As the Summer months drift towards their conclusion (in the Northern Hemisphere, at least) we head into Fall / Autumn, and what that brings is a period of great intrigue in the world of Nintendo. On the one hand the company will eventually need to spill the beans on its NX system and - in one stroke - end all of the debate over what it actually is, and on the other it'll be getting into mobile gaming in a bigger way. Looking back now we see that Miitomo exploded out of the gates but then fell away just as quickly, with interest dropping fast due to the limitations of the social app. That obviously won't have been Nintendo's plan, but that's the reality.

Pokémon GO (in which Nintendo is an investor and not, remember, the core beneficiary) has, as all know, been somewhat different. It's been a phenomenon, and it's still - at the time of writing, amazingly - the highest grossing app on iPhones in the US. That's one snapshot of data, but it's a revealing one - download numbers fall due to tens of millions already having it, and the bubble only goes so far, but none of that has blunted its continued money-making power as it has a sizeable and loyal audience. Here's the key bit - that's despite thousands of gamers (probably) declaring on forums and social media over the past month or so that they're done with it, fed up with 'broken' features and Niantic's shutdowns of third-party apps and tools.

That, right there, is mainstream reality. The demographic of dedicated gamers and enthusiasts is smaller than many would like, and is only one part of picture. We know how big the hardcore Nintendo demographic is based on the falls from the Wii / DS generation to the current era - few outside of the hardiest fans, clearly, have bought into the Wii U. How else to explain phenomenal sales of key Wii U titles - as of 30th June there had been 13.02 million consoles shipped, yet Mario Kart 8 has shipped 7.7 million units. That is bonkers (also impressive), and provides a glimpse of a loyal audience in its millions, with various other Wii U titles shipping three million units and above. That's impressive on one hand, but those numbers aren't good enough for a multi-billion-dollar corporation like Nintendo.

The DS had huge marketing campaigns and a mainstream audience
Image: Sarah McColgan / Nintendo

What's our point? Well, it's that Nintendo - like every other entertainment company - needs to appeal to the mainstream. It will try to do so on its own terms, however, as it did with the dual screen and touchscreen of the DS and the motion controls of the Wii, and as it has to a respectable degree with the 3DS. The broader gaming public is incredibly broad and diverse, too, and is actually made up of lots of niche areas - when you look at the 3DS you see neat hardware with a varied library, appealing to different people in different ways. The Wii U, on the other hand, was not enticing enough to a lot of people - if you aren't an all-in gamer or a Nintendo fan on some level, it evidently doesn't offer enough value or desirable content to be worth a purchase; price is another key factor where it went wrong.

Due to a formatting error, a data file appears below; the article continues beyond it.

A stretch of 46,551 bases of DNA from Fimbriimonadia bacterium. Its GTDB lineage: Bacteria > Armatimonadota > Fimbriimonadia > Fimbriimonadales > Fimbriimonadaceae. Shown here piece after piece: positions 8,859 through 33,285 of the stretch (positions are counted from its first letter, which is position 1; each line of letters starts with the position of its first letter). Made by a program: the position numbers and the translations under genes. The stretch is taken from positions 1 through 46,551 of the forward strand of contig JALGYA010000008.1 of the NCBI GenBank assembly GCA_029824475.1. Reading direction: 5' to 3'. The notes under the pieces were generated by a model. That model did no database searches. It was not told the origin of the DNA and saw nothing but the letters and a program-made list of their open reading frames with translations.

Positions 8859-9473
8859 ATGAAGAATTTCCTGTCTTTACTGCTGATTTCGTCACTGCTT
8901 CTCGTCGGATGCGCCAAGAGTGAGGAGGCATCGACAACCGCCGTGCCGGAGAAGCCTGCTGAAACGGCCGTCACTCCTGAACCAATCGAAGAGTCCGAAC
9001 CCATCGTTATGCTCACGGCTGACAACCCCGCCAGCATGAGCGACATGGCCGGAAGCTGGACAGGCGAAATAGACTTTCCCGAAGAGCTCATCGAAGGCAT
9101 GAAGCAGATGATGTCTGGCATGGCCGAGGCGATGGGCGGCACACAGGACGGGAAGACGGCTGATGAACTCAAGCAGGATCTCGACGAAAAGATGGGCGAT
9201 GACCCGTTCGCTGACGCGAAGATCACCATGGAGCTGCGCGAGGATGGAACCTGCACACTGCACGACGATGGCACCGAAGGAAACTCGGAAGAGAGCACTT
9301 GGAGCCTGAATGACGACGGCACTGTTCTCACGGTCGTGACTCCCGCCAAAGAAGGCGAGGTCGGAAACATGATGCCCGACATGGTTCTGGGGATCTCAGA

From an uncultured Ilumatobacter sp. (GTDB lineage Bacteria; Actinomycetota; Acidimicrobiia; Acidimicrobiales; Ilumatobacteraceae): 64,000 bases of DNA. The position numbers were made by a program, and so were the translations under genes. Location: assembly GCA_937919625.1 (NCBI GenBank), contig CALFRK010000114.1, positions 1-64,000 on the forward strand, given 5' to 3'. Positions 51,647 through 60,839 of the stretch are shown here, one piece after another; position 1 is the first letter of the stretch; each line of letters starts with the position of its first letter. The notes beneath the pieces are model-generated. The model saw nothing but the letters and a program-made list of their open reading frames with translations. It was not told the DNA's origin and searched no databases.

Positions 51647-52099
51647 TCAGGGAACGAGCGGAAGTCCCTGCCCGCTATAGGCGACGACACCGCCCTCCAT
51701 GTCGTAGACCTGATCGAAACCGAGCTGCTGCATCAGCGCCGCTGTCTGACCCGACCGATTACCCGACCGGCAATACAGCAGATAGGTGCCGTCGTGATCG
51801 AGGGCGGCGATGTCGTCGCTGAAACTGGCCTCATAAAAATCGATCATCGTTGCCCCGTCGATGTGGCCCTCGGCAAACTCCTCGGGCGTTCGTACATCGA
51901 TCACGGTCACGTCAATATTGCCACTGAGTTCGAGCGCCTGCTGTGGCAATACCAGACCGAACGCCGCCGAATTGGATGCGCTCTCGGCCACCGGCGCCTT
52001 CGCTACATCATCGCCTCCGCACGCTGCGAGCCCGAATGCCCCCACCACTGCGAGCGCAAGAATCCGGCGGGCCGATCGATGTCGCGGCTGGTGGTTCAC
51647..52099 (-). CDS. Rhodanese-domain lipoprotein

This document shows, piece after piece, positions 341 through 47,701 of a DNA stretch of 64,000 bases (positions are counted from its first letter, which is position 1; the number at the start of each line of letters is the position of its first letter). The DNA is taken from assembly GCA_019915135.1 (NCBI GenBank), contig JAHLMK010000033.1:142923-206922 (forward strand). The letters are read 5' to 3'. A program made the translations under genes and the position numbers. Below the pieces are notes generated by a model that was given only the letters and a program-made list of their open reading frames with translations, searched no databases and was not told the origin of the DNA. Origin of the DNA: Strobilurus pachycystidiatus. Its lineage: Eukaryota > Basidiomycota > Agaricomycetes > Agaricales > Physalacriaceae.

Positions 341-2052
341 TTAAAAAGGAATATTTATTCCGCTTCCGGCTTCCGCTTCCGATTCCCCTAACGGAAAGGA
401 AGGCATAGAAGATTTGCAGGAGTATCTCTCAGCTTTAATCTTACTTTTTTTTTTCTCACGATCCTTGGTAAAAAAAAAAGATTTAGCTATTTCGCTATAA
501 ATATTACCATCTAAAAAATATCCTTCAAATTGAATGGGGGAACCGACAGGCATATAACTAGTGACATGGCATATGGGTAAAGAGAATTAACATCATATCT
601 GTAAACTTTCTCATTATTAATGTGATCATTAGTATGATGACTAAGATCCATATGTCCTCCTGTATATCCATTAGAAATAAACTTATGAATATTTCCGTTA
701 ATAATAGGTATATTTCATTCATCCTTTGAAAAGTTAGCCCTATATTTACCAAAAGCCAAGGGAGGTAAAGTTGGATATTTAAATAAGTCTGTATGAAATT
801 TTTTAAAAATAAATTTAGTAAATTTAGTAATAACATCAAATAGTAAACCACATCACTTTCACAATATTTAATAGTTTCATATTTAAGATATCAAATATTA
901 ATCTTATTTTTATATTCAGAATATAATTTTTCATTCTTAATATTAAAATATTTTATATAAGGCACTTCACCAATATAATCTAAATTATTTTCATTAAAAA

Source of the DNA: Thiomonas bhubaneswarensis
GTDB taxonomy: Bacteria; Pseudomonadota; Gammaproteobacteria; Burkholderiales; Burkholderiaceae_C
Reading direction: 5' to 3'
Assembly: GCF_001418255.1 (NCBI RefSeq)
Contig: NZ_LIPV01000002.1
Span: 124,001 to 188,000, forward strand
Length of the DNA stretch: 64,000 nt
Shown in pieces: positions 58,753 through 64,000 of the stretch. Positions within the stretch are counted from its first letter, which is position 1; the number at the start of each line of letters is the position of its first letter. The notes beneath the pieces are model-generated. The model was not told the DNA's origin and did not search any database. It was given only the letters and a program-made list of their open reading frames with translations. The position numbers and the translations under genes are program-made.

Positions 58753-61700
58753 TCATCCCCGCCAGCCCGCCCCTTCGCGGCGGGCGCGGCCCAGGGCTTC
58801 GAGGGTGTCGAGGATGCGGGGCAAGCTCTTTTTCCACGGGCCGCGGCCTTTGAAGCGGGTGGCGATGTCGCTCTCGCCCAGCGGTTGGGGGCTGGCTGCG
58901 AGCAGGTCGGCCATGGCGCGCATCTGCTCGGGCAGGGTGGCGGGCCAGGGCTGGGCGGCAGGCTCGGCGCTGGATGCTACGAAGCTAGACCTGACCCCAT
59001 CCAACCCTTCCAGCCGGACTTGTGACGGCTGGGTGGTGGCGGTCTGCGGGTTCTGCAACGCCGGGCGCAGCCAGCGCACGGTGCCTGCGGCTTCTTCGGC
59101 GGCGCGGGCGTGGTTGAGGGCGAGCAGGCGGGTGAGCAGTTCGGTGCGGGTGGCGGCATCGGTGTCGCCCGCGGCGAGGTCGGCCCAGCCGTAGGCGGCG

In order to be a success on the scale it desires Nintendo needs to cultivate and satisfy its fanbase, of course, but it also seeks more than that. It wants as sizeable an audience as possible, and with that it can entice third-parties and other companies to invest in its platforms. The more games a system has the happier the audience - of all types - is, and then we all win; that's why Nintendo hasn't been shy in pitching the as-yet-unrevealed NX as a new way of playing games, with a likely attempt to appeal to gamers of all persuasions. It's true you can't please everyone, and to try to do so is folly, but that's not to say you should only try to please a small number of people - that's just as foolish.

How does this relate to Nintendo and mobile? It's the fact that the iOS and Android space matter a great deal for Nintendo, in a variety of ways. As we've argued before, tilting at these windmills is a futile activity. It'll happen whether we want it or not. Nintendo sees the mobile space as key to its future - in itself a U-turn in policy when announced in early 2015 - and has invested many millions of dollars with that in mind, forging a complex corporate partnership with DeNA. This isn't a flash in the pan, a cautious dip into new waters - Nintendo is fully invested in making mobile work for its business.

Tatsumi Kimishima's year-end briefing made the goal of upcoming mobile games clear
Image: Nintendo

Thankfully, on these pages we've seen many in our community show an openness to this, or at the very least acceptance. Miitomo undoubtedly sparked backlash and caution, with its issues and design flaws frustrating and concerning many, but now we head towards a different phase - Nintendo games / experiences on mobile. Yet there's still a sentiment from some that it's a form of blasphemy, a betrayal of values, for IPs such as Animal Crossing and Fire Emblem to have games coming to non-Nintendo hardware. Let's consider the angles for that perspective.